Jazz great was once a counsellor

Al Jarreau.
Al Jarreau.

LOS ANGELES • Al Jarreau, the affable jazz singing great who reached new audiences by seamlessly merging styles and through television, died on Sunday, days after announcing his retirement. He was 76.

The seven-time Grammy winner - a rare artist to win in jazz, pop and R&B categories - died in a Los Angeles hospital where he had been treated for fatigue, his manager said.

Jarreau is best known for the singles We're In This Love Together and After All. Many also heard his voice, even if they did not know it, in the theme to Moonlighting, the hit 1980s television series that brought Bruce Willis to prominence.

His other notable appearances included a prominent role on We Are The World, the 1985 song by a mega-cast of music A-listers to raise money for famine-ravaged Ethiopia.

His manager Joe Gordon described Jarreau as the ultimate gentleman. His second priority was music, but "his first priority, far ahead of the other, was healing or comforting anyone in need", Gordon wrote on Jarreau's website.

Jarreau had announced last week that he was finished with touring due to exhaustion. He was hospitalised in 2010 for respiratory problems.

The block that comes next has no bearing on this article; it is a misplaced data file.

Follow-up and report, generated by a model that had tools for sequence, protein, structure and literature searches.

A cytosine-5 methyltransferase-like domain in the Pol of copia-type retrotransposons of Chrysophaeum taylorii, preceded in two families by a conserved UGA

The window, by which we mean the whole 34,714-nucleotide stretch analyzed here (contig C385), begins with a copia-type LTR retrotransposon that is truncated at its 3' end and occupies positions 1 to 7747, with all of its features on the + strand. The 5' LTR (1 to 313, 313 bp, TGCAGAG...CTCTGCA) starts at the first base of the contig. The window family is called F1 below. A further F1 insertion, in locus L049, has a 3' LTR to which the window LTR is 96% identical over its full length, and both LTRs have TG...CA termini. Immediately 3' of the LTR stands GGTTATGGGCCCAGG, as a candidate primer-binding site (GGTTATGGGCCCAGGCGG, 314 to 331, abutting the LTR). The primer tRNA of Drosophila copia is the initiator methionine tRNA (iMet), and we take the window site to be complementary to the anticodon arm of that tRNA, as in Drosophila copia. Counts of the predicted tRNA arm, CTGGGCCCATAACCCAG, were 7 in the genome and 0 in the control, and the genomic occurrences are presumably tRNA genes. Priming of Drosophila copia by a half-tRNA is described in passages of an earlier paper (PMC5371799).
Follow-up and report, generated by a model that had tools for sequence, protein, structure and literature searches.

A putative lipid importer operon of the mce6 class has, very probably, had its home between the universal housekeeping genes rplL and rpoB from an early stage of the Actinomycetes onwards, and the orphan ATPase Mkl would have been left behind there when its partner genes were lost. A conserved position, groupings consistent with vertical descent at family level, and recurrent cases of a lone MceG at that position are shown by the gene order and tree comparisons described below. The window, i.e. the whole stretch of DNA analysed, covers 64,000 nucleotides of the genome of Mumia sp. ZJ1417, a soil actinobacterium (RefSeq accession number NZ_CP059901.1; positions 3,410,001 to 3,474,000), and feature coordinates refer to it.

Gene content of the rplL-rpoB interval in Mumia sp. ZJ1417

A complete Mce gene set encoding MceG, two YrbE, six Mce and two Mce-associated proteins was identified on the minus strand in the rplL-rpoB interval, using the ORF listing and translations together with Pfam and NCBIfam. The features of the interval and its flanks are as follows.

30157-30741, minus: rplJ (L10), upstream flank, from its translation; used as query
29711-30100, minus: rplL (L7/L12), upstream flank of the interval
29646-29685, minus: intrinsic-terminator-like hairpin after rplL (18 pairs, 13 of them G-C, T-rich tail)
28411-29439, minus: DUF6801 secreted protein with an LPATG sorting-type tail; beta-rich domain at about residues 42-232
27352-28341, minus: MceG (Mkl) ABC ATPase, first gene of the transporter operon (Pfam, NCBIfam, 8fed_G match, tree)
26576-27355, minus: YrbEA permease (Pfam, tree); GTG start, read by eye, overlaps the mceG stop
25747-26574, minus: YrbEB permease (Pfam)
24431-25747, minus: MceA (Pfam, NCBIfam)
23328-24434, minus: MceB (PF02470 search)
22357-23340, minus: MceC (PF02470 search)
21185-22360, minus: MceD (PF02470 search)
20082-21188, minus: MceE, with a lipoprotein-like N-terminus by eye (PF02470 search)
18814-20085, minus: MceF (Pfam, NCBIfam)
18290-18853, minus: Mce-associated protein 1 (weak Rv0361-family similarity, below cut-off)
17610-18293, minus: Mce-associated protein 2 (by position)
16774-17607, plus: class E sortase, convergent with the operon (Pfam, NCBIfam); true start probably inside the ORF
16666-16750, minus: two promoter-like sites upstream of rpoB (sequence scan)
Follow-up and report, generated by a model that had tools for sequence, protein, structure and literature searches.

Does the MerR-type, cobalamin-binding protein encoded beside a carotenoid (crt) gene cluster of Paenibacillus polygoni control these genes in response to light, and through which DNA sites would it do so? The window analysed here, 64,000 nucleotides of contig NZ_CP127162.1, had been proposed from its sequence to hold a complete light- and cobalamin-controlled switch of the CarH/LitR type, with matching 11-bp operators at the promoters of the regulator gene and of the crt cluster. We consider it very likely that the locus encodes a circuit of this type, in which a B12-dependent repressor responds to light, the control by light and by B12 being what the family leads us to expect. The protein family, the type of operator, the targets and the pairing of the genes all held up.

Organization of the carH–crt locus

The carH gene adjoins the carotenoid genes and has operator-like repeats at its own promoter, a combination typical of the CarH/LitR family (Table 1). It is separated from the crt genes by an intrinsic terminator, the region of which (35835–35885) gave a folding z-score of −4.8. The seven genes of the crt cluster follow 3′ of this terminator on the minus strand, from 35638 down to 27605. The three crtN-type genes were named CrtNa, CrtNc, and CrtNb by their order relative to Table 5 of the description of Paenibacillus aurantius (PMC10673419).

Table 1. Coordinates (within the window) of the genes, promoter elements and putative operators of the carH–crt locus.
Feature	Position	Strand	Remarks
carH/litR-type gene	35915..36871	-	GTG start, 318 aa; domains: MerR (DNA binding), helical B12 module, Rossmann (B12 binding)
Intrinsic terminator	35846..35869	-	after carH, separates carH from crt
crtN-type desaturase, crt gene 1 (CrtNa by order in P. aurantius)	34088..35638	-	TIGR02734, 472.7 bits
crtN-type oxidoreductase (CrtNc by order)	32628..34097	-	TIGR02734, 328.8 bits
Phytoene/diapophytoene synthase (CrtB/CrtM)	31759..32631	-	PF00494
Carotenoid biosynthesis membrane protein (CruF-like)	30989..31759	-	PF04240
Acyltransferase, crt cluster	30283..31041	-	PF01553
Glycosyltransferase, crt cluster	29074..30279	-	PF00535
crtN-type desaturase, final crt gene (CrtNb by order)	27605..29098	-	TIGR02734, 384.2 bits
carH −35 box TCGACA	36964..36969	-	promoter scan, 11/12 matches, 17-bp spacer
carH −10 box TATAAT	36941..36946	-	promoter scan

Gregory Porter, winning the Grammy on Sunday for Best Jazz Vocal Album, called him "one of the greatest jazz voices that ever lived".

Growing up in Milwaukee, Alwyn Lopez Jarreau sang at church and at school. His mother was a piano teacher who played the organ in the Seventh-Day Adventist church, where his father was a preacher and would sing.

But raised in a city with a large German and Eastern European community, Jarreau recalled that he lived near a tavern that played polka and that the radio would play everything from classical music to the blues.

He studied for a career in counselling and worked as a rehabilitation counsellor. He later headed to San Francisco, where he teamed up with acoustic guitarist Julio Martinez.

He made his big breakthrough in Los Angeles in 1975, when he was invited to perform at the legendary Troubadour club in West Hollywood. His debut album, We Got By, was released that same year and became an international hit. He was married twice and had a son.


A version of this article appeared in the print edition of The Straits Times on February 14, 2017, with the headline 'Jazz great was once a counsellor'. Print Edition | Subscribe